The rain may have changed the complexion of the event, but it did little to take away from the historic nature of Friday’s festivities, nor did it make the star power present any less palpable.
The Cardinals — in conjunction with Cardinals Care and Harris-Stowe State University — unveiled Stars Park Field, refurbishing to vibrancy a venue that was inhabited by Negro Leagues champions and baseball Hall of Famers like James “Cool Papa” Bell. It is now used by the Harris-Stowe baseball program and local youth programs.
“Today means so much to the current and former players who have worked extremely hard and given their all to represent the Harris-Stowe baseball team over the years,” said Dajuan Griffin, a pitcher and four-year-lettered senior baseball player at Harris-Stowe. “This year, we were able to practice and compete on a field we were proud to call our home. … Thank you for giving historic Stars Park new life.”
From 1922-31, Stars Park Field was home to the St. Louis Stars, members of the Negro National League who were crowned champions thrice from 1928-31. Along with Bell, two other Hall of Famers called Stars Park Field their home: shortstop Willie “El Diablo” Wells and first baseman/outfielder George “Mule” Suttles.
Historically Black Harris-Stowe State University will continue to call this revamped ballpark home after a donation of $1.2 million that also funded the construction of a softball field, hundreds of seats, enclosed press boxes, enclosed NAIA-level dugouts and new scoreboards.
“Probably the thing that will give me most gratification on this project going forward is sometimes I’ll just grab lunch here in Midtown, and I always drive by Compton [Avenue] and Market [Street] and I see the kids practicing, and it’s just a wonderful feeling that we’ve made an impact,” added Cardinals president Bill DeWitt Jr., who was joined at the ceremony by Cardinals pitchers Jack Flaherty and Andrew Miller, as well as former Cardinals Scott Terry and Hall of Fame inductee Ted Simmons.
“And the fact that they are using this field every day, getting better at baseball, learning the skills and all the camaraderie that comes with it, that makes it worth every penny and all the hard work.”
The goal to dedicate Stars Park Field started in November 2018, when Michael Hall, Cardinals vice president of community relations and executive director of Cardinals Care, was made aware of a “modest” investment to improve the scoreboard at the ballpark.
Hall approached DeWitt, asking how the Cardinals could get involved in the reinvigoration of a site that’s nestled into a high-traffic area of St. Louis.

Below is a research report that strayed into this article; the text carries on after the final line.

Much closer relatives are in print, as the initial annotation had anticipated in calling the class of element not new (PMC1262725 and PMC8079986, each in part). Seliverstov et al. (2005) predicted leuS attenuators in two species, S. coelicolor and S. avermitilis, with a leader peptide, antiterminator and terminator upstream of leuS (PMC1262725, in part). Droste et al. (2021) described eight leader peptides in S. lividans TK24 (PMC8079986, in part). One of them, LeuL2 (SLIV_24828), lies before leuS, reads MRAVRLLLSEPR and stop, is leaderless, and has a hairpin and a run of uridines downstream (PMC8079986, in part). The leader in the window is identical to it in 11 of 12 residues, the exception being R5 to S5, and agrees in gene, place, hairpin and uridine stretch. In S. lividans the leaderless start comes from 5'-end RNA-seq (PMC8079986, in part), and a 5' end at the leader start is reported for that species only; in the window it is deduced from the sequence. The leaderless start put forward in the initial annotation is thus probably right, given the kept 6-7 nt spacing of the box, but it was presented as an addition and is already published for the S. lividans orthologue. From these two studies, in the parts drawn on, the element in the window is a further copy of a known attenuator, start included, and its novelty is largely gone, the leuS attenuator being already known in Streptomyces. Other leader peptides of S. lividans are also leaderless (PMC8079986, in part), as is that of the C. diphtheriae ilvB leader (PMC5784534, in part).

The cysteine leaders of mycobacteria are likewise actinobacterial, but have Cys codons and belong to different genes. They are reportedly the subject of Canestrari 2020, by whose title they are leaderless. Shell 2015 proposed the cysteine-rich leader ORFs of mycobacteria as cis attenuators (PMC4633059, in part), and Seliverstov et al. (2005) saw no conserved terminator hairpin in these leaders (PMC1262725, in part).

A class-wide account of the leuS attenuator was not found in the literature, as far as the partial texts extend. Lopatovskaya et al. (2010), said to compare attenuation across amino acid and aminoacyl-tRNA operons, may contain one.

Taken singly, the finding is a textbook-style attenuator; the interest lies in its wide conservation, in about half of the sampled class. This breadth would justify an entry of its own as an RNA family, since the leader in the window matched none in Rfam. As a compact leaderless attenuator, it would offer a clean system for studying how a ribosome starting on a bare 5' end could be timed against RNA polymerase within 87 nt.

“We decided we wanted to invest more into this historic site,” Hall said.
Cardinals and HBCU worked together
That resulted in the $1.2 million injection, one that included a “six-figure investment” from Harris-Stowe. As blueprints were conceptualized, the university’s softball team voiced its concerns over the lack of a dedicated softball field. So it was added to the plans.
“[The] effort in completing this project has given our team a greater sense of pride and hope for the softball program this upcoming season,” said Remani Atuatasi, a member of the Harris-Stowe softball team. “We plan to honor the legacy of the great men who played on this very ground and leave a legacy for future Hornets to follow.”
Ground for the renovated fields was broken last year, the 100th anniversary of the Negro Leagues. Harris-Stowe student-athletes will look to continue the legacy of the Stars — one of winning, trailblazing and excellence.
“There’s a rich history of baseball and tradition in this town. Before our modern legends, many of them sitting with us today, … there were other stars in this town,” said Dr. Ray Doswell, a St. Louis native and vice president and curator of the Negro Leagues Baseball Museum in Kansas City.
“I am proud to celebrate the dedication of Stars Park Field, the site where the three-time champions of the Negro National League St. Louis Stars played so many years ago,” added Flaherty in a press release. “There is still work to be done, but it is important that we keep the legacy of the legendary athletes who played in the Negro Leagues alive for younger generations.”